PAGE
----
When the UK joined the EU in 1973 it pooled some of its sovereignty with the other Member States for mutual benefit.  This sharing of sovereignty has continued as the EU has changed to reflect the needs and concerns of different times

The EU was from the beginning an organisation with political objectives – as has been openly acknowledged throughout the fifty years since the British Government made the historic decision to apply for membership.  Arguments to the contrary are polemical and not historical. 

The agreement to share sovereignty is seen most obviously in the single market where the UK agrees by qualified majority vote the rules for the operation of that market.  But political co-operation, which proceeds by consensus, has contributed to an unprecedented period of peace and prosperity in Europe, where wars between Member States are unthinkable and economic, cultural and political ties have transformed the quality of life of millions of Europeans.

The EU that has developed since the UK joined in 1973 shows more flexibility.  Britain and Ireland do not belong to the Schengen Area; and Britain and Denmark have permanent opt-outs from the euro.  No Member State can be required to participate in defence policy if it does not wish to do so.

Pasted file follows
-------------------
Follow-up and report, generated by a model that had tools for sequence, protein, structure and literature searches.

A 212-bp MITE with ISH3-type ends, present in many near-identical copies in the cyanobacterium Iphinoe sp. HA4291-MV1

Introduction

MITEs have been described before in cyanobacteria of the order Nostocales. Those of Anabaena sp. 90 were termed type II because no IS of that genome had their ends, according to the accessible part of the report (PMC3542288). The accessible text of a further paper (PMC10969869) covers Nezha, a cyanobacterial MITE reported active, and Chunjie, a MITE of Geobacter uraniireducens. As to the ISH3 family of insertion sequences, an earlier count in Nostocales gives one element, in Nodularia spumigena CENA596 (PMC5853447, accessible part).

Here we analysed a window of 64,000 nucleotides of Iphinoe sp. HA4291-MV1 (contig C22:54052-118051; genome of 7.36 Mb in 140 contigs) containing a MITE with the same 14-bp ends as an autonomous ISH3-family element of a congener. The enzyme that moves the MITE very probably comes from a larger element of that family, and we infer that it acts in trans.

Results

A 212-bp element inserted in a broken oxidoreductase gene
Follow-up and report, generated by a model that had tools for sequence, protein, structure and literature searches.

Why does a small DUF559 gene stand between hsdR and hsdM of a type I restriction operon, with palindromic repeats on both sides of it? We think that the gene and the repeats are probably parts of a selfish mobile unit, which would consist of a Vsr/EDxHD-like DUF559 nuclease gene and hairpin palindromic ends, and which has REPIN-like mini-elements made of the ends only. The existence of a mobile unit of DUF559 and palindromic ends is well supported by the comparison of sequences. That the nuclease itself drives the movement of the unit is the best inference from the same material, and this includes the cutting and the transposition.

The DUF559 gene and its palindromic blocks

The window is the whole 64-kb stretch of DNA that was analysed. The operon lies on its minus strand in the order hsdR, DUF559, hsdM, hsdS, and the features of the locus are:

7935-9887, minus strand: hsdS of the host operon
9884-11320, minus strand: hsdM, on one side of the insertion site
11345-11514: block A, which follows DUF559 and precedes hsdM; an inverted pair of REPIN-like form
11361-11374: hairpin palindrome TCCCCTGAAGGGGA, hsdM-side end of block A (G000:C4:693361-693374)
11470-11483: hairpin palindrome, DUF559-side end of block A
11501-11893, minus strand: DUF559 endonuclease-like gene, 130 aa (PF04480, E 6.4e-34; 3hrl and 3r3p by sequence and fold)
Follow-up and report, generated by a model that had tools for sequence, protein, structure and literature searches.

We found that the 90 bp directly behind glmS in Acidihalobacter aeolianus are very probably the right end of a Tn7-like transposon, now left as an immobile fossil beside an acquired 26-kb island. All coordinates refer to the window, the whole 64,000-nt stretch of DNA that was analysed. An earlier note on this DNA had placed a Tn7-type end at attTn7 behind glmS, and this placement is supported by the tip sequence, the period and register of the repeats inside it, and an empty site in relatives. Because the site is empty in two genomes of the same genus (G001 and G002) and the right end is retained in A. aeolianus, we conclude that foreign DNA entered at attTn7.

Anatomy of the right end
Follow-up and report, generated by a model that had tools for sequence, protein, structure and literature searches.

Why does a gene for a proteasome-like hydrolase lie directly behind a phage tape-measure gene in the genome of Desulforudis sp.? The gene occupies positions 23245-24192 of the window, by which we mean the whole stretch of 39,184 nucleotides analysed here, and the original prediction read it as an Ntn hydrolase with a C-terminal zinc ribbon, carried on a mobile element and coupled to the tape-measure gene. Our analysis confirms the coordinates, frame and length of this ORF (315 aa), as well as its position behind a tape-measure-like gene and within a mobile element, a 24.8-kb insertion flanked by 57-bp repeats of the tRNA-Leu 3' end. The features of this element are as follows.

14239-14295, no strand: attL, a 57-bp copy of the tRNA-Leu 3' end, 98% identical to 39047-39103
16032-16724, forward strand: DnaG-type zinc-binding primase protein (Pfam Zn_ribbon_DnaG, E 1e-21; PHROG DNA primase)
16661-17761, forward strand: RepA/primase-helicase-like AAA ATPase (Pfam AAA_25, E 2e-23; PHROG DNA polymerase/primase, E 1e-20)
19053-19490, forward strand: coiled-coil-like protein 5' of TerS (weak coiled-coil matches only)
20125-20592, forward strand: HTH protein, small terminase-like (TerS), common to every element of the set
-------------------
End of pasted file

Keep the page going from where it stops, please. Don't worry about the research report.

The events of the last fifty years have confirmed the trend towards international co-operation.  This is because even more of the challenges faced by nation states today go beyond the borders of any one of them.  Energy, climate change, the environment, terrorism, security and our relationship with the developing world are all issues which are too big for the United Kingdom to address effectively on its own and require common effort with our European partners. 

February 2012

.............................................................................................................................. 

[1]  Britain and the Commonwealth, Harold Macmillan MP, September 1962.

[2]  Speech reprinted as Our European Destiny, Conservative Group for Europe, 1971

[4]  This figure, and the preceding one, from UK trade performance: Patterns in UK and global trade growth, Department for Business, Innovation & Skills, November 2010.

[5]  Figures from UK Energy Supply: Security or Independence, House of Commons Energy & Climate Change Committee, HC 1065, October 2011, p.13.

[6]  Outside and Inside: Norway’s Agreements with the European Union, 17 January 2012.